Circumstances You Might not Realize Can Increase Your Personal Injury Settlement

personal injury settlement
Should you ever be involved in an accident that is almost certainly not your fault, you quite naturally have the option of pursuing a claim at court. If the accident in question has resulted in any outstanding medical bills or meant a general loss in your livelihood and income, you absolutely should. However, something that is not always understood is how the circumstances that result in payment are calculated. For example, just how much pain do you have to be in before you can claim compensation for it? Is a broken leg accounted for the same as a broken arm?

The circumstances that can increase your personal injury settlement are codified and regulated. If you do find yourself in a lawsuit over injuries you have suffered, knowing these sorts of things can really help you get the most out of your settlement, which can be helpful for those extra medical costs or to assist with getting by while out of work.

Naturally, each case is unique, so there may be certain exceptions, variants and caveats to these listings but these will give you a place to start.

No Pain, No Gain

As a general rule of thumb, most court cases will use the amount of pain suffered as a general yard stick for determining how much compensation is due to the injured party. The more you’ve suffered as a result of your injury, the more you will receive in your personal injury settlement.
Bear in mind as well, this isn’t just physical pain. You don’t have to scream in anguish whenever your broken collar bone is touched. Mental anquish is also taken into account, as is any pain caused by a disruption in your regular life and means of income. So, for example, if you make a living as a guitarist and you suffer from broken fingers, you’d get more in a personal injury settlement than a professional singer would for the same injury.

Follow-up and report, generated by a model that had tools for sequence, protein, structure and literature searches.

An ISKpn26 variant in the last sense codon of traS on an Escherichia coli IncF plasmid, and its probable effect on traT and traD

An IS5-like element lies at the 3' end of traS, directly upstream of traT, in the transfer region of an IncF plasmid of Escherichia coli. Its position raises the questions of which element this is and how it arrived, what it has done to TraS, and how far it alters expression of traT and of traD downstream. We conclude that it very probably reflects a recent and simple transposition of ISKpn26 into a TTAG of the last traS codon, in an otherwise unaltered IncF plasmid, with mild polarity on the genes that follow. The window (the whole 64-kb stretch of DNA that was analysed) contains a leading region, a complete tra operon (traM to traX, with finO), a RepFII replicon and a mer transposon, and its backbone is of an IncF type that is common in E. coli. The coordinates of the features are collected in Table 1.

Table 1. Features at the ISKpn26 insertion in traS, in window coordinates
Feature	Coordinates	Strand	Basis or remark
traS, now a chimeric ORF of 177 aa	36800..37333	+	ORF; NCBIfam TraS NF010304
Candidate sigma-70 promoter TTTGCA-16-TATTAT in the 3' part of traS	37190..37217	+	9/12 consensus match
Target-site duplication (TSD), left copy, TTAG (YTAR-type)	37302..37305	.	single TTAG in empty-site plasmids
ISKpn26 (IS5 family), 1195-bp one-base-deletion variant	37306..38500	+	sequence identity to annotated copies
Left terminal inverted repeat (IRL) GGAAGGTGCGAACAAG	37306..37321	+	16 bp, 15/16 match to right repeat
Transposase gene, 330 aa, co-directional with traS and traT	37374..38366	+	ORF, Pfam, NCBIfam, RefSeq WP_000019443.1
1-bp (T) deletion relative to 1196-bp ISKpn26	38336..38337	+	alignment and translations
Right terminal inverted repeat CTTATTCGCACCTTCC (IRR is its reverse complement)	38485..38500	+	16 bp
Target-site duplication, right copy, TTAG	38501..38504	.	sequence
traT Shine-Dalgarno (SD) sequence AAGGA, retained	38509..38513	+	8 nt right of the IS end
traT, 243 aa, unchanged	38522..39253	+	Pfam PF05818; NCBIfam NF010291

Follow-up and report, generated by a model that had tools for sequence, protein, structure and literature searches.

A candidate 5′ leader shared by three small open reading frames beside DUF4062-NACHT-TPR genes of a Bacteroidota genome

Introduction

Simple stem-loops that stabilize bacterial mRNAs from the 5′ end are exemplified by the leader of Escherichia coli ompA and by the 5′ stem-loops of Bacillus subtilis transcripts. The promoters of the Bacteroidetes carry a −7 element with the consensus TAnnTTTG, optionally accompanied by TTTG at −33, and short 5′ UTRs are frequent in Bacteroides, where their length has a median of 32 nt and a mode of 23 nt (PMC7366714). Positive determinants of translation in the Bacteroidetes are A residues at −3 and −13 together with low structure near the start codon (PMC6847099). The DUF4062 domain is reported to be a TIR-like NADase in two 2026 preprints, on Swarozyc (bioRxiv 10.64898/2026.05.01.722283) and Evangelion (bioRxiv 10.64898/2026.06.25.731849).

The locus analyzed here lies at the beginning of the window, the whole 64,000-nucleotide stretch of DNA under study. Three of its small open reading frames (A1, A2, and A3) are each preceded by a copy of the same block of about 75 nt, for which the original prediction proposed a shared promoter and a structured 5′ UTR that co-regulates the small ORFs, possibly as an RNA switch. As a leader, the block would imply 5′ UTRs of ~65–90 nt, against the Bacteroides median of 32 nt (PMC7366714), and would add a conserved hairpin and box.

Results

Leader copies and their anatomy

Other things related to your injury that can result in increased personal settlements include:

• Hard Injury - broken bones, fractures, nerve damage, dislocated joints, spinal column damage, etc.

• Medical Expenses - this only covers expenses directly related to treatment, as well as prescription costs.

• Permanent Injury - facial scarring, loss of use in limbs, weakness, indefinite continued treatments etc. 

• Disruptions to Daily Life - once again, this includes not just the length of recovery, but how much the injuries prevent you from living your normal life and maintaining your livelihood.

Pointing Fingers

Of course, there is more to your personal injury claim than simply how much your broken leg prevents you from your usual job as a tap dancer. There is also the matter of the legal liability, in laymen’s terms who exactly was responsible for the injury in the first place. This will play a very important role in determining how much compensation you will receive at the end of the case, assuming you’re even awarded a settlement at all.

Naturally finding out that you were at least partially responsible for your injury will damage your case, so you may want to ensure you have the following before proceeding to court.

• Blame - you were completely faultless for the injury, or prevention of it was completely beyond your reasonable control.

• Evidence - having witnesses or video footage of the injury will greatly bolster your case in a claims court.

• Good Presentation - it pays to be patient and calm during the proceedings. Keeping a level head will make your case more credible. You should also be organised and presentable during the hearing. Make sure to wear a smart suit, and that you have all necessary paperwork.

• Luck - if the person you’re suing is unsympathetic or otherwise held suspect, you may be rewarded with an increased settlement.

A Second Opinion

If you’re uncertain as to whether you may be entitled to additional payment following your accident or injury, you should probably consider asking for legal advice from an attorney. Most law firms such as Heil Law will offer a free consultation upon your first visit, so there’s really no reason you shouldn’t approach one to see if circumstances can give you a greater personal injury settlement, or greater chances of success. They may also alert you to potential weaknesses in your claim, or unseen laws and ordinances, that may damage your chances of a successful claim too.

Christian Mills is a freelance writer and family man who offers articles and advice on a variety of challenges affecting families and life in the home.

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